Dielectrophoresis (DEP) cell separation and sorting technique relies on the principle that when polarizable molecules such as large biomolecules and cells are placed in a non-uniform electric field, the field can impart a net force on the particle due to an induced or permanent dipole. This force does not require the particle to be charged. All particles exhibit dielectrophoretic activity in the presence of electric fields. However, the strength of the force strongly depends on the medium and particles electrical properties, on the particles’ shape and size, as well as on the frequency of the electric field. Consequently, fields of a particular frequency can manipulate particles with great selectivity.

DEP has been applied in a number of systems based on selective particle trapping and elution or deflection in continuous flow.[16]

Dielectrophoretic (DEP) separation can be a) positive (pDEP) or b) negative (nDEP) which affects where the cells are positioned within a field. c) DEP has been utilized in microfluidic systems in a variety of arrangements, some of which are depicted here. From Gossett et al. Anal Bioanal Chem 2010.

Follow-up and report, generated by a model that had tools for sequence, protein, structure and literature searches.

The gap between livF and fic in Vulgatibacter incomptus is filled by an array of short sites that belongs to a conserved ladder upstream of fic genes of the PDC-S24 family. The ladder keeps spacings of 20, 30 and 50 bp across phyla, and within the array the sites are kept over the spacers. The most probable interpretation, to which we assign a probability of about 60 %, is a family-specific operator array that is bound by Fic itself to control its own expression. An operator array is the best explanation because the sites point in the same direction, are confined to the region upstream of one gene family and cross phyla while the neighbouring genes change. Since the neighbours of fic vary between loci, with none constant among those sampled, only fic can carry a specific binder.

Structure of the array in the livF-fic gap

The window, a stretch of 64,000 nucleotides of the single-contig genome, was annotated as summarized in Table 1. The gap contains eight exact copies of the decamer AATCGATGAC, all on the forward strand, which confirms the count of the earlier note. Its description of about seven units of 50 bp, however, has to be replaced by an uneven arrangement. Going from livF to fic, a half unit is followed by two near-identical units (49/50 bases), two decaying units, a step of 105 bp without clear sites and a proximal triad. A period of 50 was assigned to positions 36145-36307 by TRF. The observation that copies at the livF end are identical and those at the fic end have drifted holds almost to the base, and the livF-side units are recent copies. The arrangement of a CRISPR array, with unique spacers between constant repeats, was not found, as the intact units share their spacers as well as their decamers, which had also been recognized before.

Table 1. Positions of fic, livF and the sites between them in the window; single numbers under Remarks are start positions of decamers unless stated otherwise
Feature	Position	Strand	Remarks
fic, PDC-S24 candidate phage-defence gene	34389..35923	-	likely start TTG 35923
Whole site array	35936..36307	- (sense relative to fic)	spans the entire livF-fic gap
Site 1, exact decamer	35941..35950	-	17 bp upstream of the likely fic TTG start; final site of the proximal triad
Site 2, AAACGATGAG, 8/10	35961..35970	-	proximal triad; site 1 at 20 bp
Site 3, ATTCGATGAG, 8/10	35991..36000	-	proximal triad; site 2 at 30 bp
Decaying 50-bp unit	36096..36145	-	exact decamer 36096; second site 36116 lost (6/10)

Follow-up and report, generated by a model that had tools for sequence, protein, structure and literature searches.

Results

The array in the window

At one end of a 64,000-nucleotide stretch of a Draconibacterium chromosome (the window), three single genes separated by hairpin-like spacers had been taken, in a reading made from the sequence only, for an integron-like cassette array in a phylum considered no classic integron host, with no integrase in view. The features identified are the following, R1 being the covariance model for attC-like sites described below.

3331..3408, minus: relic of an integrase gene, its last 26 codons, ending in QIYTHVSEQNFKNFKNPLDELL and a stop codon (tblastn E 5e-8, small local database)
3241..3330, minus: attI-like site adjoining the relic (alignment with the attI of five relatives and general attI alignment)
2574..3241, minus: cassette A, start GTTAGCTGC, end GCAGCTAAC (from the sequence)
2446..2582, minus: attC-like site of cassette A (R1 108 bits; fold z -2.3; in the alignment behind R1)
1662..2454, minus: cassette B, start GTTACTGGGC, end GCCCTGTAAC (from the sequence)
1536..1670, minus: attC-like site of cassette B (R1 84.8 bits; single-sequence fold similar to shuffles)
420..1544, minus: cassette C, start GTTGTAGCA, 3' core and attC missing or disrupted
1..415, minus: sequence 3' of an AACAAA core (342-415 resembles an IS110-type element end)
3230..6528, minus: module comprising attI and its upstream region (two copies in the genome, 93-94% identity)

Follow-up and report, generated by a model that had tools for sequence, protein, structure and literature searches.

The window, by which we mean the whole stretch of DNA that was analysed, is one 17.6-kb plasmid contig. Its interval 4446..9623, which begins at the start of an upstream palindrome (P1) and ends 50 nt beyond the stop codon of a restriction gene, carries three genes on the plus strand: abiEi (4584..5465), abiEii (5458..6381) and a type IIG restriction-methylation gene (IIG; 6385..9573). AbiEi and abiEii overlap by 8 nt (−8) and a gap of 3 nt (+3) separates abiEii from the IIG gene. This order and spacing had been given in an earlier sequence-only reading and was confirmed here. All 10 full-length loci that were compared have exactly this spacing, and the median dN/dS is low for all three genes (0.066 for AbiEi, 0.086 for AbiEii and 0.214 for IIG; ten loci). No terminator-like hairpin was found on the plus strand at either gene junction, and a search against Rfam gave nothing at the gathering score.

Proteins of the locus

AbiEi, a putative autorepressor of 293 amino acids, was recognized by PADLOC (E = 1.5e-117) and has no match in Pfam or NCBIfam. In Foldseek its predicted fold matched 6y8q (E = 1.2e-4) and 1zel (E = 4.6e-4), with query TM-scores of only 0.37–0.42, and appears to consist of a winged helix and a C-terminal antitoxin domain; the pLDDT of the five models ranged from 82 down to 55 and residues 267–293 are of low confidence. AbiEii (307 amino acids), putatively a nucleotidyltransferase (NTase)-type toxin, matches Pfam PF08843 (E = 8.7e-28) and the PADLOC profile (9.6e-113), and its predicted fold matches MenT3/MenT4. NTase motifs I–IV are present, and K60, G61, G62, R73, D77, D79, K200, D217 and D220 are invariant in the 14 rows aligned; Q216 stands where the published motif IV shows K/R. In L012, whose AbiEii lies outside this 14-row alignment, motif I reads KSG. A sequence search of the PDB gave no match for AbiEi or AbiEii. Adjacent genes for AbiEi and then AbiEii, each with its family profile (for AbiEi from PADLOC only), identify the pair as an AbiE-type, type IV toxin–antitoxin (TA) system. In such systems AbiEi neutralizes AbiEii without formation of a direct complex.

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1. Gossett DR, Weaver WM, Mach AJ, Hur SC, Tse HT, Lee W, Amini H, Di Carlo D.(2010) Label-free cell separation and sorting in microfluidic systems. Anal Bioanal Chem 397:3249

2. Ji H, Samper V, Chen Y, Heng C, Lim T, Yobas L (2008) Silicon-based microfilters for whole blood cell separation. Biomed Microdevices 10:251–257

3. Yamada M, Nakashima M, Seki M (2004) Pinched flow fractionation: continuous size separation of particles utilizing a laminar flow profile in a pinched microchannel. Anal Chem 76:5465–5471